Question: How do narratives we tell ourselves affect our relationship to food?
Jonathan Safran Foer: Well, you know, it might not have been true five years ago, it probably wasn’t true 10 years ago or 15 years ago, but now, most people have some sense of what the factory farm system is. They might not know the breadth of it, that it’s 99% of all of the meat that’s sold in the supermarkets and restaurants. And they might not know that the, sort of, environmental destruction that results from it. And they might not even know of the extent of the animal cruelty or the human health effects. But if you ask most people, you know; do you think most meat comes from a place you’d like to visit or not? They would say, probably not. Probably not a good thing.
And every day we’re given more and more reasons to worry about where our food comes from. Right now there’s an egg recall, half a billion eggs. There’s been e-coli tainted beef a number of times in the last couple of years, people are dying from it. We now know very, very firmly that animal agriculture is the number one cause of global warming, and yet very few people, including people who are normally quite political and quite moral and moralizing, talk about it. And even fewer people act on their concerns about where food comes from. And I think it’s because food is not just fact and it’s not just reason; it’s culture, it’s personal identity, it’s what our parents and our grandparents fed us. How we think of ourselves, how we want to think of ourselves, and it’s always attached to some kind of a story. And that confuses things. The Thanksgiving turkey confuses things. The Christmas ham confuses things. Every family has its own version.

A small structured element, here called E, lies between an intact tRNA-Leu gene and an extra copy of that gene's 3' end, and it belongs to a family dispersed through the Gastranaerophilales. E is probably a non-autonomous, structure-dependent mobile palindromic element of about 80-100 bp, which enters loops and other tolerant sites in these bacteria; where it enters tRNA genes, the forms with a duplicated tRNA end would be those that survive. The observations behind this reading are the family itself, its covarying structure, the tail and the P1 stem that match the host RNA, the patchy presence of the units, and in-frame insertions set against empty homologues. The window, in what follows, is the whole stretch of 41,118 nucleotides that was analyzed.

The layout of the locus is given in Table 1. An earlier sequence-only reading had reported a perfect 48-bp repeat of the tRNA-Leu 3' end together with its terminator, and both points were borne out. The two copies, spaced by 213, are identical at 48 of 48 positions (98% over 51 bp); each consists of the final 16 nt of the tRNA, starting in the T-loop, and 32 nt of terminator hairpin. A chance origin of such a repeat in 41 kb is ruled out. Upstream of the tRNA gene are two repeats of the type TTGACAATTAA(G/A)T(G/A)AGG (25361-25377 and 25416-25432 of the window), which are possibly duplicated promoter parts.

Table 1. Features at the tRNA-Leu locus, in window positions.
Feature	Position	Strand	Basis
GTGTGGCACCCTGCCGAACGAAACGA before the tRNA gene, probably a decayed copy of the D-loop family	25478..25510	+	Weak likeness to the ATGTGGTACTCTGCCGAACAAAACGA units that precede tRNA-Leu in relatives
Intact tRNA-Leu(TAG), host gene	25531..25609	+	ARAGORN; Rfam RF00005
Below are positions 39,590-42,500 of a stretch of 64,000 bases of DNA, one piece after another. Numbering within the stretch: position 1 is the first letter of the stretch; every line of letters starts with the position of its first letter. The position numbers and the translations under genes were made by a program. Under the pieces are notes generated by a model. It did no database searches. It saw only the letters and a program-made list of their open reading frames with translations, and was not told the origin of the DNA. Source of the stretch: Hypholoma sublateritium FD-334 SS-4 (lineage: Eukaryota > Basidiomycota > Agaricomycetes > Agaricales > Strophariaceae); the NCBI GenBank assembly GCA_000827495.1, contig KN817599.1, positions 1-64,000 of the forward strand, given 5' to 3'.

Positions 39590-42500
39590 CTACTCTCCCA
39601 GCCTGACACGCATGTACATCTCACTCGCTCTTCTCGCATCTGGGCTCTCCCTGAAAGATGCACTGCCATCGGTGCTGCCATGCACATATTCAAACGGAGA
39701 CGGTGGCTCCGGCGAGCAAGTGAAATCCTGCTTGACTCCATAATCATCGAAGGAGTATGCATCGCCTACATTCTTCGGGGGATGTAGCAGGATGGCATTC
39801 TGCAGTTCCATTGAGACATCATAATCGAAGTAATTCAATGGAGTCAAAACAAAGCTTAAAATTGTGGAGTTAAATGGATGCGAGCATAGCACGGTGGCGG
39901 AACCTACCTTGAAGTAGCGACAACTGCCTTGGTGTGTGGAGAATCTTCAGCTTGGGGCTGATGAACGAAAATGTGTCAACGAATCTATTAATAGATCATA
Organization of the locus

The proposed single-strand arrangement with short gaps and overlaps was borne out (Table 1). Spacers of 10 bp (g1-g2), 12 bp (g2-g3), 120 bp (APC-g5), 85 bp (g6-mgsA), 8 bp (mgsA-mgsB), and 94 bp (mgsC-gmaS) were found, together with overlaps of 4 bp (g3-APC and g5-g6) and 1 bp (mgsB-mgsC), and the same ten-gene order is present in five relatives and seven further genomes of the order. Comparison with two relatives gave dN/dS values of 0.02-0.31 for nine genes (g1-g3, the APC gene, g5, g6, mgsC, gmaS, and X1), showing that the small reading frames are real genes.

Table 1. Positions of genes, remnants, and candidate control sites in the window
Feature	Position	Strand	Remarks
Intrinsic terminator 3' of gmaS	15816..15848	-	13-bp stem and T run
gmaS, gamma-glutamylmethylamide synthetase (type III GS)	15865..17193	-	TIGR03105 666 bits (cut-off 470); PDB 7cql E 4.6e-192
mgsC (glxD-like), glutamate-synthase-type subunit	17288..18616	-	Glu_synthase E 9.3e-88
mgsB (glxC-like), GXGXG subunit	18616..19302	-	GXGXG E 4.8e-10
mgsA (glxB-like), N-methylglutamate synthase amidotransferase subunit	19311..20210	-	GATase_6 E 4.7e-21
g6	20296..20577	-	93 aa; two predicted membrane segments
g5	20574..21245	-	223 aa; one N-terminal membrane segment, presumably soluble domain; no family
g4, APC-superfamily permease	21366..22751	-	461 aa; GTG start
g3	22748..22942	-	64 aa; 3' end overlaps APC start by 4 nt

But what we need is a different way of talking about meat that is itself a story. It’s not an argument or a work of journalism, but something that involves this messiness of being human beings and that is what I tried to do with this book.
Question: What responsibilities do we each have a modern individuals?